Before you learn some of the details, Kim Scott has what sounds like the most dangerous side job of all time.
Scott, the curator of animals at the Peoria Zoo, is on a two-week trip to the western United States as part of a small team that is collecting semen samples from captive Mexican gray wolves.
The potential punch lines are endless, but her efforts are a serious attempt to help save a species of wolf that was once so endangered it was believed there were only five animals left on the planet in the late 1990s. That is correct, five.
Oh, and the wolf is sedated when the sample is collected. That helps a lot.
“I love this project,” Scott said last week, the day before she flew to California for her first of eight stops at zoos and other locations where gray wolves live in captivity. “To be a part of this recovery really goes to the heart of what it means to be a zookeeper. This is the next step of being a part of taking care of the animals — the goal is for them to be put back in the wild.”
Scott has worked at the Peoria Zoo for about two years, where there are no wolves. She last worked, however, at the Endangered Wolf Center, outside of St. Louis, where she became skilled at, crazy as it sounds, restraining wolves. In more than 16 years of working with wolves, Scott estimates she has captured and restrained more than 900 wolves in captivity.
“That’s a conservative estimate,” she said.
It’s also why she was asked to come along with Dr. Cheryl Asa, a reproductive biologist from St. Louis, and her assistant Karen Bauman. The three are making eight stops in four states — California, Arizona, New Mexico and Colorado — to work with facility employees to collect the semen of Mexican gray wolves. The program has been going on for years and a large number of samples have been collected and frozen, although so far, no female gray wolf has been impregnated by a sperm sample that had been previously frozen.
“We’re working ahead of the technology,” Scott said. “But, maybe some day.”
Scott’s capture technique is to guide a wolf — that enjoys being around humans about as much as it would enjoy an unsedated electrical stimulation of its prostate gland delivered with a rectal probe, more on that later — by means of a human wall walking toward a small enclosure. When the wolf is successfully led into the enclosure, preferably no bigger than 10 feet by 10 feet, Scott enters with two others. Using a five-foot metal pole with a cinch loop on the end, she drapes the loop over the wolf’s head and then cinches it around its neck.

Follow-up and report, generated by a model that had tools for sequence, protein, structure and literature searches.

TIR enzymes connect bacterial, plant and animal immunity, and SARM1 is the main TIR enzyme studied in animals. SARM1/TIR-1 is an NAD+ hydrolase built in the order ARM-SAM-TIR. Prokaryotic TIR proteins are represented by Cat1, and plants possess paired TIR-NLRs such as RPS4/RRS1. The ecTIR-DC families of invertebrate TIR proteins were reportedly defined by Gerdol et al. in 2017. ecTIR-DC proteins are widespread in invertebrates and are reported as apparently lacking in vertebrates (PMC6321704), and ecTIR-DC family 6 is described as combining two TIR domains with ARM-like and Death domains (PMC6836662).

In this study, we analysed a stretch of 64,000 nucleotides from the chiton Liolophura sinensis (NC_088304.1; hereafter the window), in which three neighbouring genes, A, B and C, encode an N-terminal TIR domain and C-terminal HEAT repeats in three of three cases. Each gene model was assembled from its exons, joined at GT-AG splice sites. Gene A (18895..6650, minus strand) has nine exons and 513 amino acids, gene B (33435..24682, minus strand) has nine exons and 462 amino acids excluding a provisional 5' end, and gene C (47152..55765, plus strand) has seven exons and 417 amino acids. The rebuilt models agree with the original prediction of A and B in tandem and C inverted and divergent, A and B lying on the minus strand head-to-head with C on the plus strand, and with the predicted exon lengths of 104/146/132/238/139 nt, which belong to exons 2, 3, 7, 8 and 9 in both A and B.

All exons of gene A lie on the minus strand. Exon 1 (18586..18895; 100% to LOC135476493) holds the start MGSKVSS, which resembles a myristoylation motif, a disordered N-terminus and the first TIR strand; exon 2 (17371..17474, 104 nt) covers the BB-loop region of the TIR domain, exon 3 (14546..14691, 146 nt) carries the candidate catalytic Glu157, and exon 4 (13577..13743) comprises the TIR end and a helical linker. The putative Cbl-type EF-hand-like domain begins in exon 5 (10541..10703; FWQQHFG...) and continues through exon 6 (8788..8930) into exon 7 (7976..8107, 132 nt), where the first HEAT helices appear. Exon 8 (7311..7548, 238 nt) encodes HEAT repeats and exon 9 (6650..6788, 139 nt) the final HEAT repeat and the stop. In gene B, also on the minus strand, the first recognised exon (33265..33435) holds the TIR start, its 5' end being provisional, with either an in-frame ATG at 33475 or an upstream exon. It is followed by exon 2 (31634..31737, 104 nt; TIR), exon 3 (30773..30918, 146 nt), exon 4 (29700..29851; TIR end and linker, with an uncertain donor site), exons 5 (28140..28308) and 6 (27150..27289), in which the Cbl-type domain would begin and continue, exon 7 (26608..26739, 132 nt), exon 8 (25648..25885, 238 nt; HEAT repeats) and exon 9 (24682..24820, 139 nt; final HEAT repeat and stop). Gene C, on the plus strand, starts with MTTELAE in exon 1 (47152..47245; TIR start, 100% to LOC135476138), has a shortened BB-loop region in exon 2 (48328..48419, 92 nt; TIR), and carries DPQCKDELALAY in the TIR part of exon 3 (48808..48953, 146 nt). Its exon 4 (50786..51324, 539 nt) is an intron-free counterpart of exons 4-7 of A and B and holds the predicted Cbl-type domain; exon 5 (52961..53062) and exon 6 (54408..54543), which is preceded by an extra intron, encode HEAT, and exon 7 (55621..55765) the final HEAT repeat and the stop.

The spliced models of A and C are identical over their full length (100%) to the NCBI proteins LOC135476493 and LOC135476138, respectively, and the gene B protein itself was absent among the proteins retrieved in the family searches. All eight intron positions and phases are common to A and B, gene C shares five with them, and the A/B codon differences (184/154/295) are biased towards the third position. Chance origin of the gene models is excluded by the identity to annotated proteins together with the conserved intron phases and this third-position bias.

That action is followed immediately by a mask being tossed over the animal’s head and another assistant forcing the animal’s head to the ground with a “Y” pole and into submission. From that position the animal can be injected with a sedative.
“They don’t tend to thrash around at all and with my pole. I’m not really in any danger of being bitten,” Scott said. “I mean, that person over there could get bit, or that person could get bit, but I’m actually pretty safe.”
Once anesthetized, the wolf is placed on its side on a surgical table.
“You work fast because there’s a lot to do when the wolf is on the table,” Scott said.
Asa uses a rectal probe to locate the animal’s prostate gland and then applies pulsating electrical stimulation that results in a semen sample of about one to two milliliters. The samples are collected in small plastic drink glasses that can be purchased at any party store.
So far only three female gray wolves have been successfully inseminated artificially. But the recovery project — a joint effort of the U.S. Fish and Wildlife Service, the Arizona Game and Fish Department, White Mountain Apache Tribe, USDA Forest Service and the USDA Animal and Plant Health Inspection Service — Wildlife Services — is proving to be a success.
There are now more than 300 Mexican gray wolves in captivity and 75 living in the wild in Arizona and New Mexico.
“Our strategy for 2013 will be to increase the genetic viability of the wild population and implement management activities that support more wolves in the wild,” said Benjamin Tuggle, the U.S. Fish and Wildlife Service’s Southwest Regional Director in a prepared statement released last week. “Releases are one of the important tools we use for improving the genetic viability of the wild population.”
Scott expects to return to Peoria next week.
“It’s tiring, exhausting work,” she said. “But the rewards are great when you see the amazing success of returning this animal from literally the brink of extinction.”
Mexican gray wolves
- At about 60 to 80 pounds, it is the smallest subspecies of the five kinds of gray wolves in North America.
- Wolves are very social animals. They live in a pack which is a family group of about five or six animals.
- Adult pairs normally stay together for life.
- Most wolves are naturally shy of humans and avoid them when possible.
- The program to return the gray wolf to the wild was begun in 1998.
- There are now more than 300 gray wolves in captivity; 75 were living in the wild at the end of 2012.
U.S. Fish and Wildlife Service’s Southwest Regional Director, Benjamin Tuggle, is quoted in this article saying, “Releases are one of the important tools we use for improving the genetic viability of the wild population.” This is not new information. For years, scientists have said that new releases are essential to pull the small, struggling wild population of Mexican wolves back from the brink of extinction. Please tell USFWS Southwest Regional Director Benjamin Tuggle and Interior Secretary Ken Salazar that it’s time to put more wolves into the wild where they belong. Click here for talking points and contact information.